In the many years I’ve been writing about oddball video gaming stuff, I thought I covered it all. The unofficial expansion packs, the weird cross-promotions, the mostly forgotten cheap games that came out during the 2000s. But it wasn’t until recently did I realize there was one genre I never talked much about: The hidden object game.
A genre I haven’t really covered on here, the hidden object game involves usually finding a bunch of items inside a room to make progress. For a good long while, the hidden object genre was the go-to game for super casual gamers everywhere. I assume it’s still modestly popular, but I figure most people have since moved on to Candy Crush Saga and similar easy-to-understand mobile game offerings.
Normally, I wouldn’t cover these, but then I found an interesting hidden object game. One mashed up with a classic online game I remember from my teen years. When I spotted this game at a thrift store, I had wondered how they decided to bring back a mostly dormant franchise and combine it with one of the most popular casual gamer genres out there. Turns out it’s quite a journey.
Slingo Mystery: Who’s Gold? is a game developed and published by Funkitron Games – no relation to Toejam & Earl – that combines the popular hidden object game with Slingo, a game show-like game that mixes slot machines with bingo. Released around 2007 for PC platforms, this game seemed to slip through the cracks, as I didn’t realize this existed until I picked it up last year at a thrift store.
But before we get into the game itself, a small primer on what Slingo is. You have a bingo card and every spin of the reels gives you five numbers to fill the card with. Alongside the numbers are jokers – a wild card that can be used to mark any number on the column its on, gold coins – gives you extra score, and the devil, which cuts your score in half. You have up to 20 spins to fill the card, and the first to do so wins the game.
Slingo is a game I fondly remember from my days of playing it on America Online. For people of my generation, Slingo was one of those classic games people played in the early 2000s, web 1.0-era internet. That, Yahoo Games, You Don’t Know Jack: The NetShow and Acrophobia are many of these online games I fondly remember. Sadly, most of these are gone now, or live on through fanmade clones.
I’ve talked about Slingo once before: Way back in 2012, covering the time Zynga licensed the game for a Facebook mobile game that was fairly short-lived. It was perfectly fine, but filled with microtransactions and nagging your Facebook friends for help, which was pretty common at the time. Thank god we kinda moved past that.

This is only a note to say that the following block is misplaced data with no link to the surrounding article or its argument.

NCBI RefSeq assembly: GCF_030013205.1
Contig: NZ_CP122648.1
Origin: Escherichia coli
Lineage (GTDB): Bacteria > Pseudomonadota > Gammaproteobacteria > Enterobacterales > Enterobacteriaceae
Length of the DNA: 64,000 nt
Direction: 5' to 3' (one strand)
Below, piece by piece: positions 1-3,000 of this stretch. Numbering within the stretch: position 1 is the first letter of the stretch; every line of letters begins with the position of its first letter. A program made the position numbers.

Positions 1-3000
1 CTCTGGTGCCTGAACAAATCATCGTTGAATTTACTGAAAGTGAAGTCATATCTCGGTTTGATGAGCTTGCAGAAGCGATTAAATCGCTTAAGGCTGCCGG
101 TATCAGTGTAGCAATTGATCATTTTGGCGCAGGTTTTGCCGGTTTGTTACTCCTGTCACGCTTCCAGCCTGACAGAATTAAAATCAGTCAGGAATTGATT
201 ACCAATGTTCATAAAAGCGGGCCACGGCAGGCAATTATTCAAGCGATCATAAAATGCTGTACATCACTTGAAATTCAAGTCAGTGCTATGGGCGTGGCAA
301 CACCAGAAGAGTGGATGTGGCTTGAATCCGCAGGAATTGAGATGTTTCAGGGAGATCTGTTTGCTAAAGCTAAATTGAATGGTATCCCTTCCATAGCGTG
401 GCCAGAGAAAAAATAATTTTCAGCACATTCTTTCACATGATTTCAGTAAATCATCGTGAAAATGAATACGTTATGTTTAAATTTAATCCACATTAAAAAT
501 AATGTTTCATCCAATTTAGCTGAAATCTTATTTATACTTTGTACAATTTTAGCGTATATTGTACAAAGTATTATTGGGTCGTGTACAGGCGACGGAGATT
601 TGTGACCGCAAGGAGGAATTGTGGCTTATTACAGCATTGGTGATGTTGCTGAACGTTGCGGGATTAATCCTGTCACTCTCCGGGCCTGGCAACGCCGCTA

But I’ve waxed enough nostalgia. Let’s get into the hybrid Slingo meets hidden object game that is Slingo Mystery: Who’s Gold?
You play as Maggie Gold, a divorced, destitute woman who finds out from her friend Kyle Sparks that her ex-husband Freddy has passed, and decided to give his massive Las Vegas casino, “The Gold Casino,” to his current wife Gloria. Throughout the various areas of the casino, Maggie tries to find out the secrets of the casino, which involves a bunch of unusual item hunting and puzzle-solving.
Now, normally I wouldn’t talk too much about hidden object games. They always seemed to be the kind of genre that would flood the bargain bins of office supplies and department stores, sitting alongside a rack of cheap PC releases of games past like Braid or Far Cry 2. To me, these kind of games peaked when books like I Spy and Where’s Waldo came out. I couldn’t imagine these kind of games were anywhere near my wheelhouse.
Thankfully the genre is made for the type of person who doesn’t play games very often, thus it’s fairly easy to play: Each room has a set of items thatMaggie has to find to continue: Usually items that could be hiding keys, notes and whatnot. After completing a set, another set will unlock that will progress until all the items in that room are found, allowing Maggie to move onto the next room.
In some rooms, Maggie has to not only find items and press buttons to make it to the next area, but sometimes solve puzzles. Some are fairly simple, such as using items to mask security cameras; while others are borderline comical and complex, such as looking for five cooking pots with numbers on them to find the combination to a keypad that’s in the same room. Or finding a pot of coffee that will plug up a drain to unlock something. One room had Maggie build a makeshift pulley, MacGyver style, to open up a security door that was booby trapped.
Yeah, this game gets wild. Never mind the fact that a divorcee searching the derelict casino of his ex-husband for Slingo machines is already weird in and of itself, but each room gets crazier and crazier in a way I genuinely did not expect the genre to go.
Every few rooms, there will be a Slingo machine to find. Once all the objectives in a room are completed, Maggie must play a game Slingo and complete the machine’s predetermined goal to unlock the next item. Usually it’s a score-based goal, but sometimes it’s something like completing a pattern, filling out the card completely – usually called a Blackout in Bingo parlance – that sort of thing. Thankfully, you’re not on a time limit and can try as many times to nail the goal.